Advertisement

Impact of Continuous vs Bolus Feeding on Splanchnic Perfusion in Very Low Birth Weight Infants: A Randomized Trial

      Objective

      To detect changes in splanchnic perfusion and oxygenation induced by 2 different feeding regimens in infants with intrauterine growth restriction (IUGR) and those without IUGR.

      Study design

      This was a randomized trial in 40 very low birth weight infants. When an enteral intake of 100 mL/kg/day was achieved, patients with IUGR and those without IUGR were randomized into 2 groups. Group A (n = 20) received a feed by bolus (in 10 minutes), then, after at least 3 hours, received the same amount of formula by continuous nutrition over 3 hours. Group B (n = 20) received a feed administered continuously over 3 hours, followed by a bolus administration (in 10 minutes) of the same amount of formula after at least 3 hours. On the day of randomization, intestinal and cerebral regional oximetry was measured via near-infrared spectroscopy and Doppler ultrasound (US) of the superior mesenteric artery was performed. Examinations were performed before the feed and at 30 minutes after the feed by bolus and before the feed, at 30 minutes after the start of the feed, and at 30 minutes after the end of the feed for the 3-hour continuous feed.

      Results

      Superior mesenteric artery Doppler US showed significantly higher perfusion values after the bolus feeds than after the continuous feeds. Near-infrared spectroscopy values remained stable before and after feeds. Infants with IUGR and those without IUGR showed the same perfusion and oxygenation patterns.

      Conclusion

      According to our Doppler US results, bolus feeding is more effective than continuous feeding in increasing splanchnic perfusion.

      Trial registration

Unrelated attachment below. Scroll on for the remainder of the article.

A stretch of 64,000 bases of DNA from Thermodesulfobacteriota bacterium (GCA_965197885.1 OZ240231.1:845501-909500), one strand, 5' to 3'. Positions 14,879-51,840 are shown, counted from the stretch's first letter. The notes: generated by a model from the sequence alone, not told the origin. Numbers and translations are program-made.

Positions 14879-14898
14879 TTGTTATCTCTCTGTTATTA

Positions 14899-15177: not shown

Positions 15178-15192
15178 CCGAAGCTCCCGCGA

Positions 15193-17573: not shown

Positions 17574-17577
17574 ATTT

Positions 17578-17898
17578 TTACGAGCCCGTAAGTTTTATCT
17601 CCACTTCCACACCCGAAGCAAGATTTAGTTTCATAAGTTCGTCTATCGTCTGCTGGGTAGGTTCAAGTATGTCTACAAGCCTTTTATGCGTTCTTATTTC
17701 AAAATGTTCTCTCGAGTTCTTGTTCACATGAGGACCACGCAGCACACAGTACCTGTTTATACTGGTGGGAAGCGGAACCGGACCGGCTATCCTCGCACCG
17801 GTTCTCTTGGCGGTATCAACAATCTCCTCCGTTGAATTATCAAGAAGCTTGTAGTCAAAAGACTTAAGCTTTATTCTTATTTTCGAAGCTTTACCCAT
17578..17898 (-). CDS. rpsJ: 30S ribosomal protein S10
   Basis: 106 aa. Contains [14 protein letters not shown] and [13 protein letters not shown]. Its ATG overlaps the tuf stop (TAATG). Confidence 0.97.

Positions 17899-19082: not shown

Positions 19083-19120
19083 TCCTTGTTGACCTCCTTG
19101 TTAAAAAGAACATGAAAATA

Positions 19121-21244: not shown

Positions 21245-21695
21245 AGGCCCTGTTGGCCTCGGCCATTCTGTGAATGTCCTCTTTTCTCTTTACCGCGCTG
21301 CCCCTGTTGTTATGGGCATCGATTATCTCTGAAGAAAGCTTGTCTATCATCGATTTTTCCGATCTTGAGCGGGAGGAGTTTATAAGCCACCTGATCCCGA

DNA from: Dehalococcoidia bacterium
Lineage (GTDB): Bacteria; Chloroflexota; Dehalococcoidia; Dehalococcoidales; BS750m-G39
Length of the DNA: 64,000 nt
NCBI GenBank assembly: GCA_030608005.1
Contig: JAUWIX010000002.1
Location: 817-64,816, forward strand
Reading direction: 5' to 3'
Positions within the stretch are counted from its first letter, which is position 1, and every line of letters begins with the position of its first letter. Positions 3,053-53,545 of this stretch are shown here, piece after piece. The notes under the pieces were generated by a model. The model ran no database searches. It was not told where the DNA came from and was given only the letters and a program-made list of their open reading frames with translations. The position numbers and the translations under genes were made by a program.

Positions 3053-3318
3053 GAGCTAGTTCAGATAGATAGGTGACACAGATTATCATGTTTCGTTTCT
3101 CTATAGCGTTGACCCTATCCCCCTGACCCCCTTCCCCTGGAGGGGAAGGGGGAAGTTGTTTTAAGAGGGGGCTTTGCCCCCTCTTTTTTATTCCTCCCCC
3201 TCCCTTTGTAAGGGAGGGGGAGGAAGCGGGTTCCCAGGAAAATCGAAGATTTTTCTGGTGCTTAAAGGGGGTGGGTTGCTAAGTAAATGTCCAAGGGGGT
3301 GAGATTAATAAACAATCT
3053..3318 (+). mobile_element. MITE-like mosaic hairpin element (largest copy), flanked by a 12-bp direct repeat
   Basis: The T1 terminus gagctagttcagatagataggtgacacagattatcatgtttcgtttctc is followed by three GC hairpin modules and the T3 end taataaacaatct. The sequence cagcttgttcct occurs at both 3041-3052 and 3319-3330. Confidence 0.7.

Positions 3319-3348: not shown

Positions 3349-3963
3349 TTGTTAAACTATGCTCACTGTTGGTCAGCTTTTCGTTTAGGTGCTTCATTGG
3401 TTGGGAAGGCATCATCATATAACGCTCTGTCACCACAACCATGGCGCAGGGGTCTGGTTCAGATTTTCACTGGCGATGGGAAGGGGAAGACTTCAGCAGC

Keywords

      Abbreviations:

      BFV (Blood flow velocity), CSOR (Cerebrosplanchnic oxygenation ratio), EDV (End-diastolic velocity), FTOE (Fractional tissue oxygen extraction), IUGR (Intrauterine growth restriction), MV (Mean velocity), NEC (Necrotizing enterocolitis), NICU (Neonatal intensive care unit), NIRS (Near-infrared spectroscopy), PSV (Peak systolic velocity), RI (Resistive index), rSaO2 (Regional abdominal oxygen saturation), rScO2 (Regional cerebral oxygen saturation), SMA (Superior mesenteric artery), US (Ultrasound), VLBW (Very low birth weight)
      To read this article in full you will need to make a payment

      Purchase one-time access:

      Academic and Personal
      One-time access price info
      • For academic or personal research use, select 'Academic and Personal'
      • For corporate R&D use, select 'Corporate R&D Professionals'

      Subscribe:

      Subscribe to The Journal of Pediatrics
      Already a print subscriber? Claim online access
      Already an online subscriber? Sign in
      Institutional Access: Sign in to ScienceDirect

      References

        • Premji S.S.
        • Chessell L.
        Continuous nasogastric milk feeding versus intermittent bolus milk feeding for premature infants less than 1500 grams.
        Cochrane Database Syst Rev. 2011; 11: CD001819
        • Valman H.B.
        • Heath C.D.
        • Brown R.J.
        Continuous intragastric milk feeds in infants of low birth weight.
        Br Med J. 1972; 3: 547-550
        • Grant J.
        • Denne S.C.
        Effect of intermittent versus continuous enteral feeding on energy expenditure in premature infants.
        J Pediatr. 1991; 118: 928-932
        • Toce S.S.
        • Keenan W.J.
        • Homan S.M.
        Enteral feeding in very low-birth-weight infants: a comparison of two nasogastric methods.
        Am J Dis Child. 1987; 141: 439-444
        • Aynsley-Green A.
        New insights into the nutritional management of newborn infants derived from studies of metabolic and endocrine inter-relations during the adaptation to post-natal life.
        Proc Nutr Soc. 1989; 48: 283-292
        • Aynsley-Green A.
        • Lucas A.
        • Lawson G.R.
        • Bloom S.R.
        Gut hormones and regulatory peptides in relation to enteral feeding, gastroenteritis, and necrotizing enterocolitis in infancy.
        J Pediatr. 1990; 117: S24-S32
        • Lucas A.
        • Bloom S.R.
        • Aynsley-Green A.
        Gut hormones and “minimal enteral feeding.”.
        Acta Paediatr Scand. 1986; 75: 719-723
        • Krishnan V.
        • Satish M.
        • Robinson M.G.
        Continuous (C) vs. intermittent (I) nasogastric (N/G) feeding in very low birth weight (VLBW) infants.
        Pediatr Res. 1981; 15: 537
        • Urrutia J.
        • Poole E.